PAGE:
Although every first year composition instuctor doesn't teach a genre analysis unit, every teacher has
their students work in multiple genres throughout a semester. Whether students are conducting a rhetorical analysis or crafting a literacy narrative, they are constantly navigating through, what Charles Bazerman calls, the "discursive landscapes" that we, as composition instructors, value.
The University of North Carolina's "Genre Project," one of links on the ENGL 111 Library Guide, gives perspective to the idea that by assigning our students various essays that we are also assigning them various genres. The "Genre Project" surveyed first year composition courses throughout the country in order to compile data which determines the most frequently assigned genres.
The larger bubbles in this diagram represent the genres most assigned in composition courses. This data isn't striking, as these are familiar assignments to us all, until it is compared with the assigned genres of other courses. Here is "first year law" for example:
As can be seen, the genres students have to learn to navigate through become vastly different as they enter their various fields. The task of preparing our students to write in every acedemic genre becomes daunting, impossible. Genre theorists such as Charles Bazerman help us negotiate this multitude of competing genres by questioning the way we think about genre in the first place. In "The Life of Genre, the Life in the Classroom," Bazerman contends that genres are not just forms to teach but "forms of life, ways of being...frames for social action [and] environments for learning. They are the locations within which meaning is constructed. Genres shape the thoughts we form and the communications by which we interact." In other words, genre forms and is informed by both the patterns of our thought and the shape of our learning environment. What this means is that genre isn't a format to learn but a sense of hightened awareness to be cultivated.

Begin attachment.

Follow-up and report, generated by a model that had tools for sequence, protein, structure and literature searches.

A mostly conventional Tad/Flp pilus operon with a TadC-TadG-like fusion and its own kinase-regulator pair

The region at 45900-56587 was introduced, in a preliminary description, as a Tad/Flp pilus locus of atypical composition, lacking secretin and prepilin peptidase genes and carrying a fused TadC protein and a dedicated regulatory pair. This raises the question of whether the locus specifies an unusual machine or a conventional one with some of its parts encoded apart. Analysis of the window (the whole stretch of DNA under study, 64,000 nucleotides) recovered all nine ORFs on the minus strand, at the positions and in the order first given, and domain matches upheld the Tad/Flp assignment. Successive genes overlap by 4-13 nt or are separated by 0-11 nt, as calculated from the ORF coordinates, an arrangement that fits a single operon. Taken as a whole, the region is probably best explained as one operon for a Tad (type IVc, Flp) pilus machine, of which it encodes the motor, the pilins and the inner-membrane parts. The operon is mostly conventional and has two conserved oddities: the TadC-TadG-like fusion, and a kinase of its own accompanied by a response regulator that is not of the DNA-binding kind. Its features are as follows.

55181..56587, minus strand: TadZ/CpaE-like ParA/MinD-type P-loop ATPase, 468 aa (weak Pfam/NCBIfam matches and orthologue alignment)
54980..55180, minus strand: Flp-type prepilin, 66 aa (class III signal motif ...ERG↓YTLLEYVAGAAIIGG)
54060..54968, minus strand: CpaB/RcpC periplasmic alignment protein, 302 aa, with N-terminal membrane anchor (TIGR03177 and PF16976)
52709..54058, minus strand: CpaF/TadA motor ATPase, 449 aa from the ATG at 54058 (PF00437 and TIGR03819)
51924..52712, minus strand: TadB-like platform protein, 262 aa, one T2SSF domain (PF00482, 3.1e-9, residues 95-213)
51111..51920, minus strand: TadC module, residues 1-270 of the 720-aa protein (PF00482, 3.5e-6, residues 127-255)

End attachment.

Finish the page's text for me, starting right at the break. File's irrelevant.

According to Amy Devitt this awareness is actually a "critical awareness." In her article, "Teaching Critical Genre Awareness" she explains that, "genre teaching can indeed be formulaic and constraining, if genres are taught taught as forms without social or cultural meaning. Genre teaching can also be enlightening and freeing, if genres are taught as part of a larger critical awareness." What this means is that our essays, our genres, that we assign should be taught with some awareness as to their role in the acedemic discourse community. This helps make the rhetorical choices inherent in these different forms visible to our students. By demistying genre, our English 111 students gain what Devitt calls, "genre awareness." Armed with this awareness, Devitt argues that students, once they leave our classrooms, can "distance themselves from the everyday practices of the genres that surround them but also can act, can participate in those genres." In order to help students become informed and form the various genre practices they encounter, I hope you all consider using resources the English 111 Library Guide provides. With the help of the guide's videos and resources such as the "Genre Project," perhaps our students will be the ones crafting our future genre landscapes.